However, Brad van Leeuwen believes that decentralised payment schemes have some key challenges to overcome before they can be potential replacements for the current systems, such as transaction cost, certainty of processing, dispute resolution and governance.
“Given advances in AI, blockchain and cloud computing, it is hard to envision a future that doesn’t involve some kind of ‘platform’ which enables personalised AI to manage our day to day finances in an ongoing and proactive manner that was optimised for each individual,” Gillen Kelvin, Head of Customer Experience at KBC explains.
Examining the evolution of payment systems, Chris Skinner, fintech-guru and the author of Digital human argues that, historically, the processing engine for the financial system has been SWIFT, Visa, MasterCard, TARGET2, STEP2, Fedwire, CHIPS, BACS and more. “This is not going to disappear fast, if at all, but there is a new marketplace structure appearing. Originally, I would have said it was PayPal, as it has removed the friction of paying digitally, but it’s not PayPal. PayPal is good but it hasn’t changed anything. The reason why we’re so excited about the Internet of Value is that the blockchain is our new processing engine. The blockchain can info-mediate the financial system to deliver our processing engine for value exchange: I want to exchange value— connect me with the right value tokens and value stores to exchange.”
“Blockchain is completely decentralised (unlike traditional centralised databases designed by banks and governments) and open to anyone. This means there is no infrastructural point of failure. No one owns blockchain, just like no one owns the Internet,” Marieke Flament, Managing Director for Europe, Circle comments.
There are many experiments around brining the decentralised technology into financial services, but they have not become widely spread – even those that were piloted by incumbents in a strong collaboration with the most prominent blockchain startups.
As Ripple’s Chief Cryptographer David Schwartz said in a recent interview, banks are unlikely to use distributed ledgers to process cross-border payments for now, because of scalability and privacy issues.
At the same time, global fintechs don’t waste any time. According to Eric Jing, CEO at Ant Financial, the company will increase its global presence by leveraging the key technologies, including distributed ledgers. As a result, Standard Chartered was recently appointed by Ant Financial to be the ‘core partner bank’ for its new blockchain cross-border remittance solution. Standard Chartered will provide instant foreign exchange rates and liquidity to enable real-time fund transfers between the two licensed wallet service providers. Using the blockchain technology developed by Alipay, the service will allow individuals to remit money between Hong Kong and the Philippines ‘within a few seconds’. Lisa Robins, Global Head, Transaction Banking at Standard Chartered, says: “Remittances are a lifeblood of many communities in the Philippines, the third largest remittance market, with $33bn of inflows in 2017.”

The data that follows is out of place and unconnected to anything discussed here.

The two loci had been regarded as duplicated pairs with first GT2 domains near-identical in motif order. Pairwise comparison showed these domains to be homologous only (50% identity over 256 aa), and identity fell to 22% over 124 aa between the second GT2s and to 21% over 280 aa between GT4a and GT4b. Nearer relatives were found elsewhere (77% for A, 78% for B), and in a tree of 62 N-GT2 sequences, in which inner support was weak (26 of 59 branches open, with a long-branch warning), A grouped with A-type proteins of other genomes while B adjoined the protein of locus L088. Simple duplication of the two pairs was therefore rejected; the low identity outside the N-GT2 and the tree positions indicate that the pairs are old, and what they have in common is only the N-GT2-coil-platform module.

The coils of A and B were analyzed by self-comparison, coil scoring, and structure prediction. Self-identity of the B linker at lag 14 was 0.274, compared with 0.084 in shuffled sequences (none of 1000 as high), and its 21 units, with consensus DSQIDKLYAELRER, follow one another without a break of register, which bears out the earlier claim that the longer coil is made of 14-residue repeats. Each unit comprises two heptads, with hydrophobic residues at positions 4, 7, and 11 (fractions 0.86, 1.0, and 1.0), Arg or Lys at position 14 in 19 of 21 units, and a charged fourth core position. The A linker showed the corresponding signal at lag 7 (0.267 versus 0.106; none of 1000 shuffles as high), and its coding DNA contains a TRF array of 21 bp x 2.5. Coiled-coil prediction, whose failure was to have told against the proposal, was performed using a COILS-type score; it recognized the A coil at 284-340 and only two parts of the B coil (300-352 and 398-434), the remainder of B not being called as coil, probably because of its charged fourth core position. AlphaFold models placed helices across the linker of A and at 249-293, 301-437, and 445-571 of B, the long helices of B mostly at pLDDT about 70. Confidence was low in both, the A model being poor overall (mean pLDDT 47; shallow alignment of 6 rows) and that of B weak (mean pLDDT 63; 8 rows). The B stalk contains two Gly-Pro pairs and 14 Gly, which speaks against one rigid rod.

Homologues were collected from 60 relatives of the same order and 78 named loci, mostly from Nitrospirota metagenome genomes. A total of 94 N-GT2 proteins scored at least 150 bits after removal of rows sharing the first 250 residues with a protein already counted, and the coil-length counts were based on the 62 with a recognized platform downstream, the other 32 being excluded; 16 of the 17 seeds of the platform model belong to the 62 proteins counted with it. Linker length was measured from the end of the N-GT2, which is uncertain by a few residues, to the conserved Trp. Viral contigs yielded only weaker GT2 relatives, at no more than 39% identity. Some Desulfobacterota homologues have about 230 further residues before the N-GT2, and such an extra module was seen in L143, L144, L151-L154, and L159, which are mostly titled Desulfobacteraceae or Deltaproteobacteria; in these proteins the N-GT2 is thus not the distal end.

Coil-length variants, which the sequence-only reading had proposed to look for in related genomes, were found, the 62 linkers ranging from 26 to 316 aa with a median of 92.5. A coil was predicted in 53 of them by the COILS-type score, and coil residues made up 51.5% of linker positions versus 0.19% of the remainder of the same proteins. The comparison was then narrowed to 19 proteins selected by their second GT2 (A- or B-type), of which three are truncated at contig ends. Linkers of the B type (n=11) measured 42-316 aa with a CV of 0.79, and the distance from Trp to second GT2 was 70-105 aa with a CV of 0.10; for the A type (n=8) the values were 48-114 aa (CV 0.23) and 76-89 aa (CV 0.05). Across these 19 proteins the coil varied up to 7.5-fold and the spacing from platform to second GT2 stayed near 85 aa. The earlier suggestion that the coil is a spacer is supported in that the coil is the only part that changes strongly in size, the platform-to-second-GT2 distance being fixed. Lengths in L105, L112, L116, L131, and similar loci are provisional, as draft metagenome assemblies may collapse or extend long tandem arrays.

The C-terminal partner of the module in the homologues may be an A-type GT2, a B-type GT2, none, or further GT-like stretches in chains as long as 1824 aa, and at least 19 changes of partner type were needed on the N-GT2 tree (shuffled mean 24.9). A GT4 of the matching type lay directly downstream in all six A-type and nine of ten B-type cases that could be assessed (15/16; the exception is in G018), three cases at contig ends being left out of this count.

From outdated to modernised
COBOL (Common Business-Oriented Language) is a high-level and object-oriented programming language for business applications. Before COBOL, all operating systems had their own associated programming languages, which was a problem for companies that used multiple brands of computers. Because of its ease of use and portability, COBOL quickly became one of the most used programming languages in the world. Although the language is widely viewed as outdated, more lines of code in active use today are written in COBOL than any other programming language.
According to Reuters and the International COBOL Survey Report, 43 percent of banking systems are built on this language; 80 percent of in-person transactions use COBOL; 95 percent of ATM swipes rely on COBOL code; and 220b lines of COBOL are in use today.
But COBOL is not without its challenges. The number of programmers with COBOL experience is steadily decreasing, as those who learned COBOL while it was popular are entering retirement age. While many organisations do still use the language, the lack of skills and burdensome text-based code is beginning to be replaced or integrated with more modern coding languages, such as Java, .NET, and C++. However, this can be a complicated and costly process, as these programs are often run on legacy mainframes that are difficult to replace, and because of the sheer amount of code still in use.
“A lot of core systems in payments and banking and many other areas of business are based on the language COBOL. COBOL is just a language (as is Java etc.), so the issue is not COBOL per se, but the fact that the architecture of these old systems was in the early days of business computing and does not include the more modern and reliable approaches. Also few people use COBOL today and much of the documentation of these systems has been lost, so compounding the problem – like Breton in France (a language spoken by few people), COBOL is spoken by very few computer programmers today,” Nigel Verdon, CEO & co-founder at Railsbank explains. Answering the question ‘How to switch to a more innovative ITarchitecture’, Verdon believes it is quite a challenge, as it is like changing the wheels on your car when driving at 100 miles per hour – most migration projects can take 5-10 years. “There are various migration strategies, like middleware – ‘hiding’ the old, M&A (acquiring new companies to build a new ‘stack’) and others. And there is also the argument – ‘don’t change it if it is not broken’.”